U.S. is to blame for immigration

  Dear HCN,
Oh, come on, Ed! Your apology for anti-immigration sentiment bespeaks loss of nerve (HCN, 2/3/03: The son of immigrants has a change of heart). That is not vintage Marston. Despair overwhelms me, too, sometimes, as our grotesque problems proliferate daily. But you know very well, or should know, that Mexican immigration is a direct result of U.S. foreign policy, NAFTA and U.S. globalization efforts.

I remember when I was a kid and the Italian moved into the decrepit house down the block with his eight or so children. Let’s call a spade a spade. His fecundity was his Roman Catholic Church’s policy. His presence was the New York Central Railroad’s demand for cheap track workers. Italians were the cheapest you could get in the 1930s and ’40s. To blame Italians, Irish, Mexicans or you name them for today’s population is to commit cultural travesty and sociological error of considerable proportions.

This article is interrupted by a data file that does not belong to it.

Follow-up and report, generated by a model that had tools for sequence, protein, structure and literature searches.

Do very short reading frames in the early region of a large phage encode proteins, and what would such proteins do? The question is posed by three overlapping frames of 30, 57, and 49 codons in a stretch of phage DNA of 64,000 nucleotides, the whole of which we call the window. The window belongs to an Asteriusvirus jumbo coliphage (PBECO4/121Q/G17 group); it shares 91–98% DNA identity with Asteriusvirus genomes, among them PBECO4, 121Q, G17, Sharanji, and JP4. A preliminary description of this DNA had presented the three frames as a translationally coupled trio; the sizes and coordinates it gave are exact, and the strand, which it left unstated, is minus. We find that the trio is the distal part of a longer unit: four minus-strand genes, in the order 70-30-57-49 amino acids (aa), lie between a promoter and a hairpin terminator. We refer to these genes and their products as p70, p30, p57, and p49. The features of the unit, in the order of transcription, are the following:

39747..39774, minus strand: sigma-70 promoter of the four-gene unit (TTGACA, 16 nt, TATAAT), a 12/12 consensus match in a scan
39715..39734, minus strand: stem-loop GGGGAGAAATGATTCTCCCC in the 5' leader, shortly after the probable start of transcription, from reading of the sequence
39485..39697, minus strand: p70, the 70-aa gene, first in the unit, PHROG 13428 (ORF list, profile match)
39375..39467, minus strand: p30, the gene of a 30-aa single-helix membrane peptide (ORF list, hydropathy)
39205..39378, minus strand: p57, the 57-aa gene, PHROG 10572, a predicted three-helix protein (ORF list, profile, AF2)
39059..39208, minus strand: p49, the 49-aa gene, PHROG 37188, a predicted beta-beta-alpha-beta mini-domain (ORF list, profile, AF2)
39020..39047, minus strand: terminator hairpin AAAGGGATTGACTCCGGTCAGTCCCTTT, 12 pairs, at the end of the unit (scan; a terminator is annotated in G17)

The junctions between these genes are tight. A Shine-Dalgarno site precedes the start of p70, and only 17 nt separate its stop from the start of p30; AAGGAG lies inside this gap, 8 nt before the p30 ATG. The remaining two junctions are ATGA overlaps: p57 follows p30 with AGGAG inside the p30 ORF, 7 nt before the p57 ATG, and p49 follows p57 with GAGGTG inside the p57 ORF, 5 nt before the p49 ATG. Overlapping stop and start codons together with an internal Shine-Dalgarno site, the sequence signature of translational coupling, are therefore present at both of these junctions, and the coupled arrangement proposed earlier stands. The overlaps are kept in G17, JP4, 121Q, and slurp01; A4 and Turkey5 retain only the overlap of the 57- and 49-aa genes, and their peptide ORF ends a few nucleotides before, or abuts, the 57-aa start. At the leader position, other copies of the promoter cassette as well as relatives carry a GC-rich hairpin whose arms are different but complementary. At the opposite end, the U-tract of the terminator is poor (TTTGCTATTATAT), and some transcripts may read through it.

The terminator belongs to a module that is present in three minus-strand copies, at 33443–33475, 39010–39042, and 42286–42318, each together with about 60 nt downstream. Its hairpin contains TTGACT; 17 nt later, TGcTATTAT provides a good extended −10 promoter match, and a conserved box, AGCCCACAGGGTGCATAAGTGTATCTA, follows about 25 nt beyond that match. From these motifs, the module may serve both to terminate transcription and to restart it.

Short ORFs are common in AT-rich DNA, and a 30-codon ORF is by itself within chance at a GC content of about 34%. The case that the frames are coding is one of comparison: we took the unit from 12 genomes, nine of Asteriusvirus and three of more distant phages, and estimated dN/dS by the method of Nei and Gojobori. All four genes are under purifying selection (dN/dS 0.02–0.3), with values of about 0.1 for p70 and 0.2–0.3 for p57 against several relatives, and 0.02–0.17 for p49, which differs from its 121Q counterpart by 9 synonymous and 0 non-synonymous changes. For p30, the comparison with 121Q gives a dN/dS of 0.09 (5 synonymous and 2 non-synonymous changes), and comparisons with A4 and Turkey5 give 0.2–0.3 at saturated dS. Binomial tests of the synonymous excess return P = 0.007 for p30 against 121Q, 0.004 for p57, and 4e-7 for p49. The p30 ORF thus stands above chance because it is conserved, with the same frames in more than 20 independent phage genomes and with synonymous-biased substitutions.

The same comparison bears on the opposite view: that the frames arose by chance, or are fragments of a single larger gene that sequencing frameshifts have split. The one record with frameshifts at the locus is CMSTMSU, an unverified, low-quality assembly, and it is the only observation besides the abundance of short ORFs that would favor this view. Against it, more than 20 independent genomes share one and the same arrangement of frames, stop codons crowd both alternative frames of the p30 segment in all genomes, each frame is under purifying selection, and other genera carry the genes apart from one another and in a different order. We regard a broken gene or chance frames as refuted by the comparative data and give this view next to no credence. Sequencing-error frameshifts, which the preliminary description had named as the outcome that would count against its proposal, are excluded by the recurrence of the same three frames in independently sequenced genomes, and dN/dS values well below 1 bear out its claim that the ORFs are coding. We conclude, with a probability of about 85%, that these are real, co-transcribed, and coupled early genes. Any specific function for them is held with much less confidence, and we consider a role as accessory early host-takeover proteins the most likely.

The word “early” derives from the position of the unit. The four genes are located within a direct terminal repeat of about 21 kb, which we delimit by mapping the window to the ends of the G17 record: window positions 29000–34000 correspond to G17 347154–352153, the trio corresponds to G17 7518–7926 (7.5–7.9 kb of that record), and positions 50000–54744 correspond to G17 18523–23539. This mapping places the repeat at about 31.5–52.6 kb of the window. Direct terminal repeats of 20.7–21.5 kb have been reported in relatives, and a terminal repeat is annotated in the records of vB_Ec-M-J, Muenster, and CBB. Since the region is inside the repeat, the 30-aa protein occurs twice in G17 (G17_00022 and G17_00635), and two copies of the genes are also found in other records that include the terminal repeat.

The U.S. government has been destroying people’s agricultural base the world over. It even targets their political efforts to remain where they are. Unable to farm or be safe from the paramilitaries, they move to the cities, where they starve further. The most energetic young come here. It is perverse to blame them for U.S. policy that deliberately marginalizes them to provide U.S. corporate agriculture with markets — policy that also just happens to produce the splendid side effect of destroying U.S. labor strength by diluting it.

It doesn’t take a seer to suggest a different policy. But as long as the present one is hugely profitable for our corporate class system, as it certainly is, immigrants will be forced to keep coming. As you say " ... other nationalities (are) unable to match their economies to their fecundity" — of course, U.S. government policies are destroying their economies.

James C. Whiteside
Danbury, Connecticut